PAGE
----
I think back to when we visited the set in Vasai. The area seemed very industrial in contrast to the green landscapes surrounding it. People across the road from our bus were chipping away at white stone in the sun. As we walked closer to the set, we passed a group of ladies working with clothes. They sat in an area that looked like the back of a petrol station or a dirty, concrete toilet block. And yet, in their hands they held beautiful, intricate, colourful garments. ‘Embroidery for film costume overlaps considerably with embroidery for private clients and the fashion market, and its specialists share the same social attributes. Several independent workshops are located in known slum areas of the city, where artisanal industry flourishes owing to the concentration of urban craftspeople and the availability of affordable space’ (Wilkinson-Weber, 2014).

The culture of India and the Bollywood industry runs so differently, so uniquely. Everyone and everything has purpose or potential. The slums aren’t seen as places of poverty, but, rather places of productivity. I went to India expecting to see an industry like Hollywood where people pursue film from an early age for the creativity and the popularity. In India, you work for money and for survival. Even those with a lot of money produce films ‘to sell popcorn’ and pocket the rupees. Professionals in Bollywood acquire skills through practice and seem willing to take on anyone with a drive to learn.

India 1

On the set in Vasai, we talked to well-renowned actor, Sachin Tyagi. He seemed more than willing to speak to us and was very charming. He admitted that sometimes acting is good but, most of the time it is torture. What I loved most about the study aspect of study tour was learning from the honesty of people in the industry. Here in Australia, I feel that guest speakers always strive to be inspirational. They are all about fulfilling dreams. In India, Vivek Vaswani taught me that ‘you have to set goals, not dreams. Because, you wake up from dreams and they are gone. Always deal with facts when you make decisions. You must make mistakes.’ These are truths I needed to hear. These are facts that work in the entertainment industry, an industry that is quite frankly, less about dreams coming true and more about profit.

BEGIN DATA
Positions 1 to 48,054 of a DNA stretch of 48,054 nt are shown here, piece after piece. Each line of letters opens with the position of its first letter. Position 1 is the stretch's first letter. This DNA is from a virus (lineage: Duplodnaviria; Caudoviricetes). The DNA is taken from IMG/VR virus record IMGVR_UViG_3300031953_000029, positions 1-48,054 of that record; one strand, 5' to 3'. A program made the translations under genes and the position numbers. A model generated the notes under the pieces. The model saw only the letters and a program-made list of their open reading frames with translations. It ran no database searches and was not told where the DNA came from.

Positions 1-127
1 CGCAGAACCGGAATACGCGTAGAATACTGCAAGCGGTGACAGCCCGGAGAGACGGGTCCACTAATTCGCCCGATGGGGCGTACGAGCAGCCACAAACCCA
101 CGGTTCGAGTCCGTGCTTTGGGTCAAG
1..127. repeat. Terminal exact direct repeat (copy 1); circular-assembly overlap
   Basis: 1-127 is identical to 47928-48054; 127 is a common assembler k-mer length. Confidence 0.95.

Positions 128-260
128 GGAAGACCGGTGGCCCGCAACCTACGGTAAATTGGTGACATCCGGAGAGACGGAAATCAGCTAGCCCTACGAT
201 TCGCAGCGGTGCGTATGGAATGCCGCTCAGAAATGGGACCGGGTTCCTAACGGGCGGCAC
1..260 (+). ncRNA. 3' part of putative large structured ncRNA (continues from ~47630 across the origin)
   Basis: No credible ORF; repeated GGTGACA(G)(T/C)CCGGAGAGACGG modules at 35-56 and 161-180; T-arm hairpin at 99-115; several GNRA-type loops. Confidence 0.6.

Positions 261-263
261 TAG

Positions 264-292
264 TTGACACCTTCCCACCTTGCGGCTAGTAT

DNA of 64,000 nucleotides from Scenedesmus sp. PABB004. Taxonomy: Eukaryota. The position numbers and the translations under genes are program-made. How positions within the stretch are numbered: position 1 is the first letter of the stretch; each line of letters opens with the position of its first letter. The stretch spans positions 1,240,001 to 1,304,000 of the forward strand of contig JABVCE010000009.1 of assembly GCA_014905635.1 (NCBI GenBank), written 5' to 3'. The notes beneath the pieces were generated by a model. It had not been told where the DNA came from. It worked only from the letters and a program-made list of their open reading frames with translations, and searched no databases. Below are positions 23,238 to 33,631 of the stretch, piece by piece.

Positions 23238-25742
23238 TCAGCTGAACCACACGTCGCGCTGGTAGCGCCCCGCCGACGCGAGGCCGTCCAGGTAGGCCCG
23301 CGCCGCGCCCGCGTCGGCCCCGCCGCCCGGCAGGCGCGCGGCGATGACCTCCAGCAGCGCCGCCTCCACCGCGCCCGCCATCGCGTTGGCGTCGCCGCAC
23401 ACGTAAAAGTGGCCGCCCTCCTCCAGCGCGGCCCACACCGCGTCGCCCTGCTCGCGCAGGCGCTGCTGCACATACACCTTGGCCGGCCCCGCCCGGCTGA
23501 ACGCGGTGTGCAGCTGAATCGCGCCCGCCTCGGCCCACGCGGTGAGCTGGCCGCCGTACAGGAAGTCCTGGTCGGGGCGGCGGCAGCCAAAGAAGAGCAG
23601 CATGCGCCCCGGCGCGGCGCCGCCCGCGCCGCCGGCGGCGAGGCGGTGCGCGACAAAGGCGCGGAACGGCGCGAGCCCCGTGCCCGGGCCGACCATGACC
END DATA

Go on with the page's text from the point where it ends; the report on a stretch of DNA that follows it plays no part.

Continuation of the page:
In the meeting with Hansal Mehta, we were told that in India, everyone’s values, the things they say even, come from what they’ve seen in films. I feel that even at twenty years of age I am still confused about my own identity and my own values. This study tour has made me surer than ever that the way I’m going to form values and learn in my life is to do what I’m passionate about, travel. Meetings in India taught me that if I pursue producing I should take advantage to co-produce on international projects, get to know international filming laws and treaties. Working internationally in film would be an invaluable experience. However, I’m not sure if I’d focus on producing. Learning so much about producing and directing made me realise that maybe it’s not for me. I think I’m more passionate about writing, specifically travel writing or scriptwriting.